Week 4: Women in SET – that’s me (I)

Make a list of the strategies aimed at attracting women back into the workforce suggested by the Government response to the Greenfield Report and in the Conclusions and Recommendations section of the Maximising Returns report.

The strategy implemented by the Government is detailed in a previous post.

The Maximising Returns report suggests the following:

Overall “…a key issue is the extent to which SET employers can change their working practices to accommodate work-life balance practices for the five to ten years when employees’ children are young.”

More specifically:

  1. Government should intervene to provide both industry- and academic-focussed approaches to facilitate the return of women to SET. These schemes should provide technical training and reskilling as well as funding for specific research posts via the relevant research councils. Any scheme should be flexible, and promoted both nationally and locally so as to reach the maximum possible number of potential beneficiaries. Some sort of monitoring scheme should be built in, and best practice should be identified and incorporated at all stages.
  2. In industry, line managers should be made aware of the business case for flexibility and diversity in the workforce. Current opportunities in SET, particularly non-traditional careers, should be more widely publicised in an effort to attract and retain more SET graduates (not just returners). All involved should be made aware of the negative impact of stereotyping by gender.
  3. Schemes aimed at returners should do more to match returners with potential employers and should provide returners with access to a database of likely employers.
  4. Consideration should be given to the provision of Government funds to academic laboratories for the recruitment of a ‘head of laboratory’ which could be part-time. This position would allow the returner to bring their skills and knowledge up to date over a fixed-term (3 – 5 year) appointment, and would provide for a steady flow of returners as each one moved on to a more permanent post.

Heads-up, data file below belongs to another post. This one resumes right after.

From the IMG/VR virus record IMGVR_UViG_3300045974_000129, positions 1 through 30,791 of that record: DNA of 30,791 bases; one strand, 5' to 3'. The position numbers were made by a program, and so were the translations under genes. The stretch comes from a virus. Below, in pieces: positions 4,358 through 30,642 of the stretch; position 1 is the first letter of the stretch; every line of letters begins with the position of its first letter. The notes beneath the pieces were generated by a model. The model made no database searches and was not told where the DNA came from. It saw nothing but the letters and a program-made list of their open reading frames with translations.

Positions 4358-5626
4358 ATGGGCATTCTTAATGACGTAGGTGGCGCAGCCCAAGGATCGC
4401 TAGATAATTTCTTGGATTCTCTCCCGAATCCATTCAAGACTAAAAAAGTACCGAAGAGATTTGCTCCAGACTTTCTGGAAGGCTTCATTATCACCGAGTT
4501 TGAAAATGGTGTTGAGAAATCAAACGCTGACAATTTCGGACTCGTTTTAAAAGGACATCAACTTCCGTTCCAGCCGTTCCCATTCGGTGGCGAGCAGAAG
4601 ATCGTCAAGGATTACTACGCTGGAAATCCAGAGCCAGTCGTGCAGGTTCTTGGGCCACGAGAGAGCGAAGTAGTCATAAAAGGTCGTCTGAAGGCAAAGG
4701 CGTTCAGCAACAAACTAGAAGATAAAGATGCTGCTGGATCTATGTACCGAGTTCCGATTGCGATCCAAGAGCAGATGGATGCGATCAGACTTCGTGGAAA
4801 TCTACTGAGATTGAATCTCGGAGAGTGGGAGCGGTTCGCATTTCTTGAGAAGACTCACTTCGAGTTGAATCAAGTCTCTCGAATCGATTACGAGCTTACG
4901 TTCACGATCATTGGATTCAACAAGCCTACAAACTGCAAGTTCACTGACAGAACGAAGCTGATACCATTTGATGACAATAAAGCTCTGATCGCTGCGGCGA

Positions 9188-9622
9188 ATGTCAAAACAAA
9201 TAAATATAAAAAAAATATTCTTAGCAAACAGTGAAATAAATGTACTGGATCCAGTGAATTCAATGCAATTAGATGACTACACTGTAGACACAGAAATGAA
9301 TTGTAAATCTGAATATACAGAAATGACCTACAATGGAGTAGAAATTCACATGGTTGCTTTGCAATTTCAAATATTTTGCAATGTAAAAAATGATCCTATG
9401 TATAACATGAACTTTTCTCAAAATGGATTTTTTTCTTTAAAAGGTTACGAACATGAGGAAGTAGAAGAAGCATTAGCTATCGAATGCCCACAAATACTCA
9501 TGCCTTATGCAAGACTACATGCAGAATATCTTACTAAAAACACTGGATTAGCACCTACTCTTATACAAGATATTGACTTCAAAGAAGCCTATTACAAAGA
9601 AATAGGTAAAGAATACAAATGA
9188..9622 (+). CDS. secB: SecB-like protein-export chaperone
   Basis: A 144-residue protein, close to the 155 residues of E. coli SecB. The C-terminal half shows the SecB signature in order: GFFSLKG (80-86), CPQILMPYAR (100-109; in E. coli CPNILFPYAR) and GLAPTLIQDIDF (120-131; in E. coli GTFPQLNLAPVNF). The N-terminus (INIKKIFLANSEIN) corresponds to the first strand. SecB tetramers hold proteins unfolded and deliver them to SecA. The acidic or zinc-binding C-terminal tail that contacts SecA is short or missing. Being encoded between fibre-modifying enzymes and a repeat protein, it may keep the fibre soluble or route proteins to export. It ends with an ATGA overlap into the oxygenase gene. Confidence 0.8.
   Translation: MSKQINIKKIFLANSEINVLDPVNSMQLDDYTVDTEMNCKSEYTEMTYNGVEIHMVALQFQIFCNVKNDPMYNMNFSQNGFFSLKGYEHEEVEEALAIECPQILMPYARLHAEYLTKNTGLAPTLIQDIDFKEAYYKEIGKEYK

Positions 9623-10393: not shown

5. Grant conditions should be reviewed in order to eliminate unintentional discrimination e.g. those designed to help at the start of a career are often age-limited and would therefore exclude someone who had taken a career break.
  6. Unions and other professional organisations should provide support to individuals who are seeking to change working practice to accommodate specific work-life balance issues. This is particularly relevant if a sector is seen to be slow in adopting modern work-life balance practices.
  7. Small and medium-sized enterprises will require specialist help which could be provided by business support intermediaries (presumably this is Business Gateway and similar) in terms of identifying local skills requirements and publicising local opportunities.

Interestingly, according to this report I am not considered likely to return to SET. They define a likely returner as:

…a person with a first degree in a SET subject who had begun a career in a SET occupation but who was not currently using their qualifications and experience in the labour market and who would consider returning to a SET occupation.

Ah well, someone else to prove wrong!

Which of these strategies do you think are relevant to you?

Of the Government proposals, I am currently benefiting from the establishment of the Resource Centre, and from the provision of funds for the OU course aimed at women returners. I do feel that these should be more widely publicised, perhaps during all SET degree and postgraduate courses, so that if women do take a career break they are aware of the options available to them.

Having access to a list of potential employers, or even a list of employers who are known to be less hide-bound than is the norm in SET, would be a help.

 

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